-Provide funding for construction and maintenance of existing UL Lafayette Student Union
    Student Union ($20.00 per semester for students assessed at 6 or more credit hours.
    -Provides funding for construction and maintenance of a new first-class Student Center
    Student Union ($55.00 per semester for students at 6 or more credit hours
    -Provides funding for construction and maintenance of a new first-class Student Center
    Student Technology Fee ($5.00 per credit hour)
    -Provides funding to enhance student-accessible technology on campus
    ID Photo ($10.00 per semester)
    -Provide for ID photographs and identification cards
    La Louisiane-Alumni ($2.50 per semester)
    -Provides funding for La Louisiane, the alumni magazine
    Debate ($1.00 per semester)
    -Provide funding for travel expenses for the University Debate Team
    Entertainment ($5.50 per semester)
    -Provide funding for University Program Council for events like Lagniappe Week, Ragin Roar, and Homecoming. UPC sponsored events are free to students
    Day Care ($2.25 per semester)
    -Provides for top quality child care at affordable prices for children of full time students.
    Intramurals ($2.00 per semester)
    -Provides for intramural sports for UL Lafayette students
    Band Association (up to $5.00 per semester)
    -Provides funding for the Pride of Acadiana March Band
    Student Loan (.50 per semester)
    -Provides for emergency loan assistance through the short-term loan program.
    Lyceum (up to $1.00 per semester)
    -Provides for academic speakers at the University
    Book (.10 per semester)
    L 'Acadian ($12.00 per Fall semester for students with 12 or more credit hours)
    -Provides a copy of the L 'Acadian Yearbook for each full-time student
    KRVS (.50 per semester)
    -Provides funding for KRVS, the campus radio station
    SGA ($7.50 per semester for 6 or more credit hours)
    -Provides funding for the Student Government Association
    Insurance ($22.00 per semester for students assessed at 7 or more undergraduate credit hours or 6 or more graduate credit hours)
    -Provides students with health care coverage
    Vermilion ($2.00 per semester)
    -Provides funding for the student published newspaper
    SGA Scholarship (.75 per semester)
    -Provides funding for SGA-awarded scholarships
    International Student Council (.35 per semester)
    Club Sports ($3.15 per semester)
    -Provide funding for club sports such as Judo, Bowling, Soccer, Rugby, Tae Kwan Do, Skeet Shooting, and Water Skiing.
    Arts Fee (up to $7.00 per semester)
    -Provides funding for the UL Lafayette Symphony Orchestra and UL Lafayette
    Performing Arts
    Cheerleaders (up to $4.00 per semester)
    -Provides funding for UL Lafayette cheerleaders
    University Police ($1.00 per semester) Provides funding for the University Police Department for scholarships, student officers, Code Blue emergency systems, crime prevention programs, and equipment for officers.
    Art Museum (up to $5.00 per semester)
    -Provides funding for the University Art Museum
    Parking and Transit (up to $25.00 per semester for students assessed at 6 or more credit hours)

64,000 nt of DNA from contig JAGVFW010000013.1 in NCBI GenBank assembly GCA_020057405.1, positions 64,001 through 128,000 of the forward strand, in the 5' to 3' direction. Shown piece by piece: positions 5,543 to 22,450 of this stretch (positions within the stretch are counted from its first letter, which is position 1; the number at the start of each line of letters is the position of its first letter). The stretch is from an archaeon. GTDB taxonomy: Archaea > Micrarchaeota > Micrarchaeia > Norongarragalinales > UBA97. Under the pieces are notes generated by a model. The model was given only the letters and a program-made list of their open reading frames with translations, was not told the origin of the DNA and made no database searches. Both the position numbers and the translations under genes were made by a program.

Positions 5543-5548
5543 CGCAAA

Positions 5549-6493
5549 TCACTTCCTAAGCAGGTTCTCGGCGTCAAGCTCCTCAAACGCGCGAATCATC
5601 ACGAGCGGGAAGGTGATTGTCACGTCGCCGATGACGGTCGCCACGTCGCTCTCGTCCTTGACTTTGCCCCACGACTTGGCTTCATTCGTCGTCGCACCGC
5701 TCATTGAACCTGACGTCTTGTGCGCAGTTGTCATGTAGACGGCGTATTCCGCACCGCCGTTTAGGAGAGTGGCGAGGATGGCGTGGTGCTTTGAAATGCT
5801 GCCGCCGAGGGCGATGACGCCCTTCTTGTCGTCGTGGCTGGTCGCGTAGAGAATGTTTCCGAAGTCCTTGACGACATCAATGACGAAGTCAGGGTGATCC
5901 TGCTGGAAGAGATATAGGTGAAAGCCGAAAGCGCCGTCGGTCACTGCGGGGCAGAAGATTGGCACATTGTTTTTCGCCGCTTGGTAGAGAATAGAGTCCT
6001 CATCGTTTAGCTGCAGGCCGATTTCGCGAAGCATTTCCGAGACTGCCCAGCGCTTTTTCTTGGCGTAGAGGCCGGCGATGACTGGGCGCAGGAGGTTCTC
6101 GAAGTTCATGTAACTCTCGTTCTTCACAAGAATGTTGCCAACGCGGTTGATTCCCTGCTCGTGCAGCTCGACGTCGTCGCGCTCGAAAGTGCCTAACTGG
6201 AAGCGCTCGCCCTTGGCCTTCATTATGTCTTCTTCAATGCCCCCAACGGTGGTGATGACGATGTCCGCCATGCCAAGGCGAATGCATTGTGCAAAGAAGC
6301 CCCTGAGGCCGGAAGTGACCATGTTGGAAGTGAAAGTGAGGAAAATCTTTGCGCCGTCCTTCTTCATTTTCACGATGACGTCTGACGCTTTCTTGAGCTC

-Provides funding to maintain transit facilities (buses), improve parking facilities, and provide free parking at Cajun Field and Zone 40.
    Recreational-.Facility/Equipment ($20.00 per semester for students assessed at 6 or more
    Credit hours)
    Student Health Service ($20.00 per semester for 6 or more credit hours)
    -Provides health care services to student free of charge
    Student Health Service Support ($5.00 per semester for students assessed at 6 or more credit hours
    -Provides support services for Student Health Services
    Auxiliary Improvement
    -$15.00 per semester for students assessed at 6 or more credit hours
    Initial Enrollment Fee ($7.50 first time freshmen only)
    -Provides enrollment services to first-time students
    That fee is for intramural sports.

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    Default Re: Total enrollment numbers for Fall 2014, at 18,796 students

    Quote Originally Posted by cajun4life View Post
    That fee is for intramural sports.
    Intramurals ($2.00 per semester)
    -Provides for intramural sports for UL Lafayette students
    I think this one is

  9. #29
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    Default Re: Total enrollment numbers for Fall 2014, at 18,796 students

    I always thought or was told that it was one of the "Union" fees. That UPC was basically buying your tickets for you with that money.

    Or something like that.....


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    Quote Originally Posted by CajunDreDog View Post
    I always thought or was told that it was one of the "Union" fees. That UPC was basically buying your tickets for you with that money.

    Or something like that.....
    It should be a fee that equal to roughly $7.50 per home sporting event for the semester.

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    Default Re: Total enrollment numbers for Fall 2014, at 18,796 students

    The number 18,796 includes students enrolled in professional programs and credit-bearing continuing education

    Undergrad numbers are 17,195

    First time freshmen 2,922

    Total enrolled numbers 18,796

    Starting in the fall of 2013 UL started including the number of students enrolled in professional programs and credit-bearing continuing education for total enrollment of 18,235.